I am working through Kim Manley Ort’s Photo by Design online course again. I had a delay in getting started, but I am catching up. In the first week, we looked at the effects of light and shadow in our photographs, and I found myself paying more attention to the quality of the light. I found that, as I paid more attention to the light around me, I was better able to set white balance both in the camera and during post processing.
Last week, we focused on lines. This is probably the most challenging for me. I see lines; however, I have trouble capturing the lines in ways that express my intentions.
This week, the emphasis is on shapes. And this is where I found myself really enjoying the lessons. I first began looking through my archives to see if there are any patterns that I could readily identify. Two weeks ago, I received this image of a morning glory. The first thing I noticed was the heart-shaped leaves, which also are triangular. The placement of the leaves around the blossom also create a triangular frame for the flower itself.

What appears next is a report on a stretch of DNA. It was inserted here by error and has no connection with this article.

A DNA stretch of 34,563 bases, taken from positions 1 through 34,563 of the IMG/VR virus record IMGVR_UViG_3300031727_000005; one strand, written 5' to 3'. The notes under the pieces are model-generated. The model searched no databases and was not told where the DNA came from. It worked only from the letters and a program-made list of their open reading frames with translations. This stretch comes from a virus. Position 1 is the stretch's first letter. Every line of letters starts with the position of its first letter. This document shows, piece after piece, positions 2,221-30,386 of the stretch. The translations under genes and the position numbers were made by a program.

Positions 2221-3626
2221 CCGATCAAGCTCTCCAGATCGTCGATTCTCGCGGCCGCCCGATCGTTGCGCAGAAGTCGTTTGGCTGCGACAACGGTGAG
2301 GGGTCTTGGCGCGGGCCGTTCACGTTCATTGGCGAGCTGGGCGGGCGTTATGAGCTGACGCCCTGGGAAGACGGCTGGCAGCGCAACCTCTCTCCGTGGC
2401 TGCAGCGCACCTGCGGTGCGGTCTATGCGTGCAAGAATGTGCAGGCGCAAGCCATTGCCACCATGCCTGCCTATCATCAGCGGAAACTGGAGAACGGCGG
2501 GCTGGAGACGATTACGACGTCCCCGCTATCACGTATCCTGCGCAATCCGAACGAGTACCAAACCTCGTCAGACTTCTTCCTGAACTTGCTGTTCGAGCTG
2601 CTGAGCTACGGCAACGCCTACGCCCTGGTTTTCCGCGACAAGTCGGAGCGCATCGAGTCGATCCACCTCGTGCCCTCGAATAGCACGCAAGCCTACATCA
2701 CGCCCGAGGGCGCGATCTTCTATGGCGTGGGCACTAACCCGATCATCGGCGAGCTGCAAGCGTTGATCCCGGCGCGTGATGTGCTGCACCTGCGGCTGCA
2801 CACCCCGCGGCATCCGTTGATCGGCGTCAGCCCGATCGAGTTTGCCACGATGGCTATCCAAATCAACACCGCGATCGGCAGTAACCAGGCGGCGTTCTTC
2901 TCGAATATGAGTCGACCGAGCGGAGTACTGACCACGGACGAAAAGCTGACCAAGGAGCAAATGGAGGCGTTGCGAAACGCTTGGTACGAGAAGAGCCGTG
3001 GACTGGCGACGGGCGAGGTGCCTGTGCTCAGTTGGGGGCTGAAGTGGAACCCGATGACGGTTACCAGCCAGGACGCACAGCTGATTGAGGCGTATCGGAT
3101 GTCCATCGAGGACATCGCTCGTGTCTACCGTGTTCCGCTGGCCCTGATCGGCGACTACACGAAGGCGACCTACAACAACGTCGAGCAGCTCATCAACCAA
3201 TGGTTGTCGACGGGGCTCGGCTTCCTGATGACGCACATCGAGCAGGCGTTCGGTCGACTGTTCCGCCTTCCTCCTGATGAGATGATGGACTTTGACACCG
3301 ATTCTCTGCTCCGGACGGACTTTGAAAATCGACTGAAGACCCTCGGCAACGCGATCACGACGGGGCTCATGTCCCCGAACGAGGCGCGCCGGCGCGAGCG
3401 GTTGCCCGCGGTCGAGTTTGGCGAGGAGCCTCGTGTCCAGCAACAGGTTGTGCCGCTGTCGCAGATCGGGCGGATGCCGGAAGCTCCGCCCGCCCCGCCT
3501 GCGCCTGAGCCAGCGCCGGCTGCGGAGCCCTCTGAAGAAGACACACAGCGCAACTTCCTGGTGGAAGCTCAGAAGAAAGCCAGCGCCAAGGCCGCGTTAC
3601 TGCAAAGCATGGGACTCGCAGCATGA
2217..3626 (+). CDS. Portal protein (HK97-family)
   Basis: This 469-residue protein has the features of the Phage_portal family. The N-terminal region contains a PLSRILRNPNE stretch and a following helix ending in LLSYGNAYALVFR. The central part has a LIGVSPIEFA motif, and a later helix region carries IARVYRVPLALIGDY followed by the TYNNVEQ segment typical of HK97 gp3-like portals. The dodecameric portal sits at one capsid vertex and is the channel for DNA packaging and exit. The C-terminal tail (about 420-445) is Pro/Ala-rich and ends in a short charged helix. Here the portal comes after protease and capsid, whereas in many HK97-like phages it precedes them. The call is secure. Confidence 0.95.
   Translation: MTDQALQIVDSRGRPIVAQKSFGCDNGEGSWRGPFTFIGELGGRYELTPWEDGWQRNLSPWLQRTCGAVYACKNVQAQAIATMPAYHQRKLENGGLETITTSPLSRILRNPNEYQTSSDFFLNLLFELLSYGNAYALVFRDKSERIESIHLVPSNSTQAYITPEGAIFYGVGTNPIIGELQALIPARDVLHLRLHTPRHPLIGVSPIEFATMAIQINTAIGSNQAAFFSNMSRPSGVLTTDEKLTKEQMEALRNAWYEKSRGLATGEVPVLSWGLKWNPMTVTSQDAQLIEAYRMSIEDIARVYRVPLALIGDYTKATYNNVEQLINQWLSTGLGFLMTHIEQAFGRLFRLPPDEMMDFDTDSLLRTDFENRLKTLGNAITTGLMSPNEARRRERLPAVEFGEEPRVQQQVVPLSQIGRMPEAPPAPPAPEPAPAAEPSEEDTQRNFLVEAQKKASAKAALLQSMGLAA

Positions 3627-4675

Then this morning, while I walked through Dreher Island State Park, I found additional examples of shapes, lines, and light. As I looked for images, patterns of three and five, triangles, hearts, and spirals appeared everywhere in nature.
Photography by design is not just about the designs we see in the subjects, but it’s also about how we design the image. One of the problems of walking through a state park that is an island is that sometimes, it’s hard to get close to the subject without stepping in the water. But I gave it my best shot!
The petals are somewhat circular and curved; the stems are lines that bring the eye to the flower. The flowers also form lines that draw the eye down the photograph.